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Collaboration in education2

  1. 1. By:Elizabeth Bove , Joy Holbrook, Darby Koteff, Jessica Moreman, & Valerie Powell
  2. 2. “In research, in medicine, in manufacturing, and even intechnology, collaboration is becoming the norm.”
  3. 3.  Click the link below to see how collaboration can make a large task seem very small. http://www.youtube.com/watch?v=PF8oc5n P6jI
  4. 4. We will discuss four different wayseducators can utilize collaboration:  Grade Level Collaboration  Co-Teaching  Cross-Curricular Collaboration  Student Collaboration
  5. 5. Grade Level CollaborationGrade level Collaboration involves working with the other teachers in your grade level to develop and implement instruction.
  6. 6. Teachers should work with other teachers to make connections between and among disciplines (Kentucky Department of Education, 2011).
  7. 7. Teachers utilize one another when effectively using grade level collaboration.
  8. 8. If we are closed-minded and not willing to work across our boundaries to discover what the highly skilled teacher next door is teaching, we could potentially be shortchanging our students.
  9. 9. Co-Teaching Collaborative teaching is defined as “the preferred umbrella term for the joint efforts of two certified teachers with different areas of expertise….partnering to share responsibility for designing, delivering, monitoring and evaluating instruction for a diverse group of learners in general education classes” Kentucky Department of Education (KDE): Collaborative Teaching Practices for Exceptional Children, June 2011.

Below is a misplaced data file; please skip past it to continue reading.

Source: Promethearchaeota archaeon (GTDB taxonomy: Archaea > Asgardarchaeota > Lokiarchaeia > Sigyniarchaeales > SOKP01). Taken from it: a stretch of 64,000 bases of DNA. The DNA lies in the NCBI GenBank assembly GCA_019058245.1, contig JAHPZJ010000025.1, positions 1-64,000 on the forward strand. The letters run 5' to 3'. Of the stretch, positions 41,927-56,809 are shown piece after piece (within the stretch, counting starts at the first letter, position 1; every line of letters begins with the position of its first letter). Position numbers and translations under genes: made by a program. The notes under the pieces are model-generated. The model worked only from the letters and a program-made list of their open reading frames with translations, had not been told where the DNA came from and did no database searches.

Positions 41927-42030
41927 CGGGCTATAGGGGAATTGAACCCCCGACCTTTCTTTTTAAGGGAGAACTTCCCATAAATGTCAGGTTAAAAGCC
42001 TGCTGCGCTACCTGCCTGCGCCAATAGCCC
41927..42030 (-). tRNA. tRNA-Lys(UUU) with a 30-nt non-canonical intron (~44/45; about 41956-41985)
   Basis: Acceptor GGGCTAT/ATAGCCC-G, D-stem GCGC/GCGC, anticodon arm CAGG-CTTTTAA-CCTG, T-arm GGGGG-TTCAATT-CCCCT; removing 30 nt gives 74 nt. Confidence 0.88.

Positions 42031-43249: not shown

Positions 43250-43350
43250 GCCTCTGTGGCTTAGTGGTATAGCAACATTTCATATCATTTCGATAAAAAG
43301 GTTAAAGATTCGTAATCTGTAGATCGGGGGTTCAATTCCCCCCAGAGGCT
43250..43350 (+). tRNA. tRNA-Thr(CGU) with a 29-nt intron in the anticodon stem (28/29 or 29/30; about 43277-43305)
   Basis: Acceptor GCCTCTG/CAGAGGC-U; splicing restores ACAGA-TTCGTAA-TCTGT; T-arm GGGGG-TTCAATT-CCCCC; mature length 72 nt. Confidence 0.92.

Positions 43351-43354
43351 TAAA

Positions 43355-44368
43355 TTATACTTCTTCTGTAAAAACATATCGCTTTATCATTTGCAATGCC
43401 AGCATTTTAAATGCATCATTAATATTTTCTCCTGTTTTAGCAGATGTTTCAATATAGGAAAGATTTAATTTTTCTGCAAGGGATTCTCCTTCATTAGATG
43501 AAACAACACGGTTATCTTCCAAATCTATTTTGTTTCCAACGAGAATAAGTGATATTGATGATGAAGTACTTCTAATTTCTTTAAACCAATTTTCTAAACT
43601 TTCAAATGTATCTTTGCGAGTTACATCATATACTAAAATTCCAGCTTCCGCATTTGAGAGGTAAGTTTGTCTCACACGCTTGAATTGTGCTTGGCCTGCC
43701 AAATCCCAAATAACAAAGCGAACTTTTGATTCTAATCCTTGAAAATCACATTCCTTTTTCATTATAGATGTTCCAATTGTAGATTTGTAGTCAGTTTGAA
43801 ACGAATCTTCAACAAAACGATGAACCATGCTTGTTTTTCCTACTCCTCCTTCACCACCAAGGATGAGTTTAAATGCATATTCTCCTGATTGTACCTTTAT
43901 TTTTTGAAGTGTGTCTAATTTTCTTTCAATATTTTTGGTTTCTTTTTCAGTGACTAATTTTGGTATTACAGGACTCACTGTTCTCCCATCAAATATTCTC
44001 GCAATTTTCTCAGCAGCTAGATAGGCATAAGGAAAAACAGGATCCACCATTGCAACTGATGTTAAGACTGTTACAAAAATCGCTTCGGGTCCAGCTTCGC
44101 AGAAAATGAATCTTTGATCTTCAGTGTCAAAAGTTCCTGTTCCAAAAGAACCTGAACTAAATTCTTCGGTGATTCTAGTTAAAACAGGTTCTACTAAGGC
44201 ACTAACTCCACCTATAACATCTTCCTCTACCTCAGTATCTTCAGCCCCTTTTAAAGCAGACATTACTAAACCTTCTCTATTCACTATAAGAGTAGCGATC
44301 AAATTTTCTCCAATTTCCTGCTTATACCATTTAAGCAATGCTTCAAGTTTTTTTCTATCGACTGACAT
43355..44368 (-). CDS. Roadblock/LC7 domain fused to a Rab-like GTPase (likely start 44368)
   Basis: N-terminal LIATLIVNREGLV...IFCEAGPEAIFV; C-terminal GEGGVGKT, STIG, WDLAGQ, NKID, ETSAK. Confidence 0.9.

10. 10. Co-Teaching Models There are five defined co-teaching models, University of Kansas Center for Research on Learning: Content Enhancement, Fall 2004.  One teach, One assist  Station Teaching  Parallel Teaching  Alternative Teaching  Team Teaching
  11. 11. One Teach, One Assist
  12. 12. Station Teaching
  13. 13. Parallel Teaching
  14. 14. Alternative Teaching
  15. 15. Team Teaching
  16. 16. Benefits of Co-Teaching1. Brings together teachers’ expertise to meet the needs of all the students in the classroom (Austin, 2001).2. Allows for more instructional options in the classroom and reduces the student-teacher ratio, therefore potentially improves classroom management (Magiera & Zigmond, 2005).3. Disabled students felt a greater sense of pride and capability. Walther-Thomas (1997)4. Creates high expectations and a positive climate for all of the students in the classroom. Dieker (2001)
  17. 17.  “Planning instructional strategies and activities that facilitate multiple levels of learning” “Identifying students whose learning could be enhanced by collaboration” “Designing a plan to enhance student learning that includes all parties in the collaborative effort.”
  18. 18. Cross-Curricular Collaboration Cross curricular learning helps develop meta-cognitive learners able to adapt their learning to new situations.
  19. 19. Since we do not practice basic skills in isolation in daily life, doing so in our educational practice would be disruptive to the learning process.
  20. 20. According to the National Assessment of Educational Progress, while students are learning the basicinformation in core subject areas, they are not learning to apply their knowledge effectively in thinking and reasoning (Applebee, Langer, & Mullis, 1989).
  21. 21. Making Connections Interdisciplinary/cross-curricular teaching provides a meaningful way in which students can use knowledge they have learned in one context as a knowledge base in other contexts in and out of school (Collins, Brown, & Newman, 1989).
  22. 22. Increase Student Motivation Interdisciplinary/cross-curricular teaching can also increase students motivation for learning and their level of engagement. (Resnick, 1989).